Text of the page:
Wednesday, July 09, 2014

Bennett Admits Breaking Ethics Law, Agrees To Pay $5,000 Fine

Under a proposed settlement agreement reached with the state's Inspector General, former Education Superintendent Tony Bennett has agreed to admit that he violated state ethics laws by using state resources to engage in political activities and pay a $5,000 fine according to the Journal-Gazette's Niki Kelly. The Inspector General's report concluded that Bennett was a state officer and not a state employee, which means he could engage in political activity, but he was prohibited from using state materials, funds, property, personnel, facilities or equipment to engage in political activities without a policy or regulation in place that permitted him to do so. Bennett was also cleared of any wrongdoing with respect to the A-F grade changing scandal that cost him his new job in Florida. According to Kelly, Bennett admits that he broke state ethics rules in three ways:

  • Prior to the 2012 election, joint meetings between his campaign staff and department staff were conducted at which they coordinated his political calendar with his knowledge. He then maintained a consolidated calendar of both official and political events using his state-owned and maintained e-mail account.
  • Bennett received e-mails of a political or campaign nature using his state e-mail account. He maintains the e-mails were unsolicited and he does not recall receiving, reviewing or responding to many of them.
  • Following his defeat in 2012, Bennett had his campaign compile a list of contacts for his new position as Florida Education Commissioner, which included three lists entitled, "The 5000", "The Big Hitter List" and the "Red Meat List." Those lists included the names of people who had been relied upon for political fundraising purposes. The lists were maintained on a state-owned and maintained computer server in his office.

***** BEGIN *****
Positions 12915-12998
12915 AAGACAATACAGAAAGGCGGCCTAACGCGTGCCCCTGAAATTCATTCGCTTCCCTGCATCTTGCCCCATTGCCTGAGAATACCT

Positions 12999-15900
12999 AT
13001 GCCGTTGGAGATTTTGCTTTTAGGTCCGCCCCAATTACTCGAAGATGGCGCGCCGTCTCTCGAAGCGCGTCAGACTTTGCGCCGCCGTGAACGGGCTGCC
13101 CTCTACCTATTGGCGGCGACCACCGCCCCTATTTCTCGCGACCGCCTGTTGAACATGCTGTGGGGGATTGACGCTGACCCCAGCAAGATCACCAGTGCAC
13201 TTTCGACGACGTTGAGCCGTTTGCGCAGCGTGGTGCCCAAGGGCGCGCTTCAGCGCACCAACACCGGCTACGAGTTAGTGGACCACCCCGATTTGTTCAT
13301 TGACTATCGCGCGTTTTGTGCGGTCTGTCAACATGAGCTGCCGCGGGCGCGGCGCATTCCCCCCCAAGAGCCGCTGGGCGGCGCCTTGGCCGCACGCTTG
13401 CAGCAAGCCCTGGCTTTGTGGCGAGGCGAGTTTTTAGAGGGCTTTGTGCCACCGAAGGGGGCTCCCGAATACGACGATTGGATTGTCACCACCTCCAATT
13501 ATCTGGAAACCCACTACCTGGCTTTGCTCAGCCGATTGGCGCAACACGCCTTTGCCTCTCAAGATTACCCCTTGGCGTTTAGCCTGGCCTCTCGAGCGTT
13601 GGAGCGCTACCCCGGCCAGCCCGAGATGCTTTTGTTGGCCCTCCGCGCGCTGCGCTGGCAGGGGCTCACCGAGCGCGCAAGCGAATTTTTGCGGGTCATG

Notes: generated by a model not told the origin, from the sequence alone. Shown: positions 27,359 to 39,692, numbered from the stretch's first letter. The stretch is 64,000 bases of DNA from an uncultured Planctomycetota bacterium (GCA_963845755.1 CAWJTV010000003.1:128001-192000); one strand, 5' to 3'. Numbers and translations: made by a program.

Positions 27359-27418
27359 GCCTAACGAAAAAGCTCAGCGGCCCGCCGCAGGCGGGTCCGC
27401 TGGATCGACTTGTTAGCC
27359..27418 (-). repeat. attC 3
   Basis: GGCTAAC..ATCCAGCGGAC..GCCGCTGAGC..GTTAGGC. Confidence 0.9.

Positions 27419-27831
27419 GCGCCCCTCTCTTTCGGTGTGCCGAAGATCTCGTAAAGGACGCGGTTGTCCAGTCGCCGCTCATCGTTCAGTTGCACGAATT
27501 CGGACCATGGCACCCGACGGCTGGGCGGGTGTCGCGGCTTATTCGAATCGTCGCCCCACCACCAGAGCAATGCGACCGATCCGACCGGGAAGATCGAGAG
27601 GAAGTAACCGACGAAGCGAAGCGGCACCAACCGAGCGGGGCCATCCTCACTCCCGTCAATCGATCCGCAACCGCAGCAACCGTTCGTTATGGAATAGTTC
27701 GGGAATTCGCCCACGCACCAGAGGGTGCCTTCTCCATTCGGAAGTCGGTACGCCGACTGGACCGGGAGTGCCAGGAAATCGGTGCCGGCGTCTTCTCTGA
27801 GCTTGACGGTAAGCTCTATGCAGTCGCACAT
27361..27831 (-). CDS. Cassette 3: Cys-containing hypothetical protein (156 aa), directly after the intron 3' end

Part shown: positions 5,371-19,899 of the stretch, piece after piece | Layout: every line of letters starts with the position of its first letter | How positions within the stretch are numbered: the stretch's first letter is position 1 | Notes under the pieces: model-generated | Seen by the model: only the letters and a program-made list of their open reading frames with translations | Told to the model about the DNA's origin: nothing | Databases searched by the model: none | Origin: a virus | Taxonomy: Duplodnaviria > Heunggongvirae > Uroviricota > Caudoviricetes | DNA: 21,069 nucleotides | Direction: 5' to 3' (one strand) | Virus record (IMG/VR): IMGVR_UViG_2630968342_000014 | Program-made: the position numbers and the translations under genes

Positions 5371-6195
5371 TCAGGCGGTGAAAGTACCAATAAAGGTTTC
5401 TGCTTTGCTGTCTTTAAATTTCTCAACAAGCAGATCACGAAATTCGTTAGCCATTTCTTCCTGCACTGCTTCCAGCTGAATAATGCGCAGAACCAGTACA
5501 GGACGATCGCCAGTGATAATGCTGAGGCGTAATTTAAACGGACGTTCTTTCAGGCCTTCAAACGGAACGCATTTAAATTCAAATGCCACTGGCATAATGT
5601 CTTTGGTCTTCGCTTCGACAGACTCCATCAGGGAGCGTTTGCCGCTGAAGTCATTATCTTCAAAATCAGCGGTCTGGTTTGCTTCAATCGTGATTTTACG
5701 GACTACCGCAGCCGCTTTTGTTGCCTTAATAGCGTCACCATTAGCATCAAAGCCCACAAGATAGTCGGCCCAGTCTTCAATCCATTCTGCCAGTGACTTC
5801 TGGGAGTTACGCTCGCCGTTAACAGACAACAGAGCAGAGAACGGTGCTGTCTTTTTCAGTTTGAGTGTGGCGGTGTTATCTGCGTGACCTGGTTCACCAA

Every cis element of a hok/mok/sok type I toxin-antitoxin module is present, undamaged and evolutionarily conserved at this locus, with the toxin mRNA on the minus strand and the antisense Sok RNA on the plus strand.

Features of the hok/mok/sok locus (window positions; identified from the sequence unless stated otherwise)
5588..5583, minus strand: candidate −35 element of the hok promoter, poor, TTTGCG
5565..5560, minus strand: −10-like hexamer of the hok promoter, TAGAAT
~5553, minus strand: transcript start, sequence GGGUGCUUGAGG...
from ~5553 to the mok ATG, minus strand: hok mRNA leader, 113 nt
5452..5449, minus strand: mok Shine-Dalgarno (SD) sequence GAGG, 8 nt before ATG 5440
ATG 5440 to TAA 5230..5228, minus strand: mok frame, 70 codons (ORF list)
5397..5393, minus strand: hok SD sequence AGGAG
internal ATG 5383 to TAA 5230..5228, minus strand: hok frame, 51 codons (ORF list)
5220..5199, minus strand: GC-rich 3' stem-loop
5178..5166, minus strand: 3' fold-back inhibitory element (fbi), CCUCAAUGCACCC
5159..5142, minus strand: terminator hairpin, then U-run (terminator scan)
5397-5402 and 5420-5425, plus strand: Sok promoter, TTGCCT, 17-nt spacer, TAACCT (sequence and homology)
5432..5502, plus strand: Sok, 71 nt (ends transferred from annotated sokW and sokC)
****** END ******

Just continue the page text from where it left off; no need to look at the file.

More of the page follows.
Clearly, the admissions made by Bennett involve violations of criminal statutes, including official misconduct and ghost employment under state law. Former Education Supt. Harold Negley was forced to resign and prosecuted for exactly those same offenses back in 1985 by then-Marion Co. Prosecutor Steve Goldsmith. The state ethics commission can recommend forwarding the findings to the prosecutor for further investigation, but nothing is stopping Marion Co. Prosecutor Terry Curry from acting on his own. It remains unclear why he sat back and allowed the Inspector General's investigation to play out before convening a grand jury to conduct his own independent investigation. Remarkably, Bennett's lawyers at Barnes & Thornburg claim they have an agreement with Curry not to prosecute him, which is a complete outrage if true. Curry claimed he planned to get tough on the prosecution of public corruption cases when he ran for office four years ago, but he declines to take any action in the most brazen cases set in front of him.

It's even worse though. When Charlie White became Secretary of State, he found that this predecessor, Todd Rokita, had stored campaign-related data on computers in his office. He reported his discovery to both the Inspector General's Office and Marion Co. Prosecutor Terry Curry. White personally spoke to David Rimstidt in the prosecutor's office about what he found. Both offices refused to investigate, and the news media treated White's allegations as sour grapes because they were still hell-bent on finding a way to bounce him from office by hook or crook based on their belief Vop Osili and not White was entitled to hold the office. So why would a Democratic prosecutor refuse to act on direct evidence of criminal evidence committed by two statewide elected Republican officeholders?

UPDATE: The state ethics commission has approved the recommendations made by the Inspector General. Read here for more details. A copy of the settlement agreement can be viewed here. The commission also gave the go-ahead to INDOT's Troy Woodruff to negotiate a new job with an INDOT contractor if he follows screening conditions.